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Posted: 3/20/2006 5:20:41 AM EDT
Link Posted: 3/20/2006 5:23:23 AM EDT
Just what they are called in the Pacific.

Don't know why.....

Why is a rose called a rose?
Link Posted: 3/20/2006 5:33:01 AM EDT
Link Posted: 3/20/2006 5:33:51 AM EDT
I believe a cyclone means it is in the southen hemisphere below the equator
Link Posted: 3/20/2006 5:36:29 AM EDT

Originally Posted By USMC88-93:
I believe a cyclone means it is in the southen hemisphere below the equator



oops, I think you're right.
Link Posted: 3/20/2006 5:40:30 AM EDT
They should be coming out of their hurricane(to us) season by now.
*runs to check the global sat pic*
Link Posted: 3/20/2006 5:44:52 AM EDT
The Bureau of Meteorology on Monday upgraded the cyclone to a Category 5 _ the strongest category possible _ shortly before it crossed the coast, but then lowered it to a Category 3 as the storm crossed land and weakened, with wind gusts up to 125 mph

Katrina anyone?
Link Posted: 3/20/2006 5:49:01 AM EDT
Link Posted: 3/20/2006 5:51:44 AM EDT

Originally Posted By lordtrader:
The storm that hit Australia....Looks like a hurricane to me on radar. Wind speeds of 180MPH. So why is it a tropical cyclone and not a hurricane???

Link


Different part of the world. Just like how over in England a flashlight is a torch and a headlight is a lamp. Fish and chips is fish and french fries and cookies are bisquits...
Link Posted: 3/20/2006 6:36:25 AM EDT
Unless I'm mistaken, I think cyclones also rotate in a counterclockwise motion whereas hurricanes (like katrina) rotate in a clockwise motion. Hence, another reason for the different names.

Or, I may have it backwards or totally and completely wrong.Can I get a job with the weather channel?Stepahnie abrams is hawt.
Link Posted: 3/20/2006 6:44:04 AM EDT
Same thing, different name. Hurricane = Cyclone = Typhoon
Link Posted: 3/20/2006 7:13:01 AM EDT

Originally Posted By ElevenO:
Unless I'm mistaken, I think cyclones also rotate in a counterclockwise motion whereas hurricanes (like katrina) rotate in a clockwise motion. Hence, another reason for the different names.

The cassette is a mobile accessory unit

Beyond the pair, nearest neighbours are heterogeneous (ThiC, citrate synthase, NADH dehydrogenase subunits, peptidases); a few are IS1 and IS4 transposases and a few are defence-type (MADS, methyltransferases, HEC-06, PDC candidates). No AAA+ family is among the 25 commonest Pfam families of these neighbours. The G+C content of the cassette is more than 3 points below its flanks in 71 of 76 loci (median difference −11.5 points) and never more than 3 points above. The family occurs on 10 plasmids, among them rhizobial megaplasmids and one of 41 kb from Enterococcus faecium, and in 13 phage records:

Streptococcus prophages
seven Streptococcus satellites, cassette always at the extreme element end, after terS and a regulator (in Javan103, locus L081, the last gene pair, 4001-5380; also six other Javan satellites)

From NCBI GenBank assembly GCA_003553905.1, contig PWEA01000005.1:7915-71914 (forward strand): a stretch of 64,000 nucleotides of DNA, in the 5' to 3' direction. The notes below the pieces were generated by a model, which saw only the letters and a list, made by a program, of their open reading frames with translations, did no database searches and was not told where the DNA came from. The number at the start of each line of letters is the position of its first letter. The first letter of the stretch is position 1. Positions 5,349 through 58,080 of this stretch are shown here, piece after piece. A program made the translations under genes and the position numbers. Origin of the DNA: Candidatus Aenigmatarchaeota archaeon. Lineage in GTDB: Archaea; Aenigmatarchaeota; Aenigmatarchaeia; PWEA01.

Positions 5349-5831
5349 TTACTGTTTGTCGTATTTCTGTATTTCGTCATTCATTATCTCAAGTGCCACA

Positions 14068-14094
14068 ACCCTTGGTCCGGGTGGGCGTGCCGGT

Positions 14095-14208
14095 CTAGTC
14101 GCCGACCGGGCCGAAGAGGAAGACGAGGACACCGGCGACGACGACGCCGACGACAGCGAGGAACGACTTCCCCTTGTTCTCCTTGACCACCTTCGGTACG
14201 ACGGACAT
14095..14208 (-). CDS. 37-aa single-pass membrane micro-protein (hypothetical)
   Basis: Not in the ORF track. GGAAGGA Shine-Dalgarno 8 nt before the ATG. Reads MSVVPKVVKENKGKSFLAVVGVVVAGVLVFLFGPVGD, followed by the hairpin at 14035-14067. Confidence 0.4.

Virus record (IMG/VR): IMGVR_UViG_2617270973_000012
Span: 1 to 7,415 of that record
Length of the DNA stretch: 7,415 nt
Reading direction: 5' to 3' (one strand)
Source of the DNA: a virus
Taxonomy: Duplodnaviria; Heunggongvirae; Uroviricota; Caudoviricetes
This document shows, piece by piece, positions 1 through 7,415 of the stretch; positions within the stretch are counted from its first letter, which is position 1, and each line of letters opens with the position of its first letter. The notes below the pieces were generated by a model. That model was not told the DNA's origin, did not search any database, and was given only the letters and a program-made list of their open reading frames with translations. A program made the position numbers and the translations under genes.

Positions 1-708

Or, I may have it backwards or totally and completely wrong.Can I get a job with the weather channel?Stepahnie abrams is hawt.


You're right. No you can't have a job with the weather channel.
Link Posted: 3/20/2006 7:23:10 AM EDT
Link Posted: 3/20/2006 7:25:03 AM EDT
[Last Edit: 3/20/2006 7:31:37 AM EDT by IAMLEGEND]
/
Link Posted: 3/20/2006 7:37:53 AM EDT
From this website:

"The terms "hurricane" and "typhoon" are regionally specific names for
a strong "tropical cyclone". A tropical cyclone is the generic term for a
non-frontal synoptic scale low-pressure system over tropical or sub-
tropical waters with organized convection (i.e. thunderstorm activity)
and definite cyclonic surface wind circulation (Holland 1993)."
Link Posted: 3/20/2006 7:48:26 AM EDT
[Last Edit: 3/20/2006 7:51:50 AM EDT by JohnTheTexican]

Originally Posted By lordtrader:
Well Hurricanes are Typhoons in the Pacific. But this is a cyclone. There has got to be a reason.



Because it's in the Indian Ocean.
Link Posted: 3/20/2006 5:30:33 PM EDT
[Last Edit: 3/20/2006 5:53:20 PM EDT by PeteCO]

Originally Posted By txwxgirl:

Originally Posted By ElevenO:
Unless I'm mistaken, I think cyclones also rotate in a counterclockwise motion whereas hurricanes (like katrina) rotate in a clockwise motion. Hence, another reason for the different names.

Or, I may have it backwards or totally and completely wrong.Can I get a job with the weather channel?Stepahnie abrams is hawt.


You're right. No you can't have a job with the weather channel.



No. All lows rotate cyclonically, that is counter-clockwise. At least in the Northern Hemisphere - I don't know if the coriolis force applies to weather systems.
Link Posted: 3/20/2006 5:33:22 PM EDT
[Last Edit: 3/20/2006 5:33:40 PM EDT by USMC88-93]
For a real world example flush your toilet it swirls in one directiion in the northern hemisphere and swirls in the other direction in the southern hemisphere. Check with the wife tell her you need to take a vacation to Australia just to flush a toilet.
Link Posted: 3/20/2006 5:36:46 PM EDT
[Last Edit: 3/20/2006 5:57:06 PM EDT by Napoleon_Tanerite]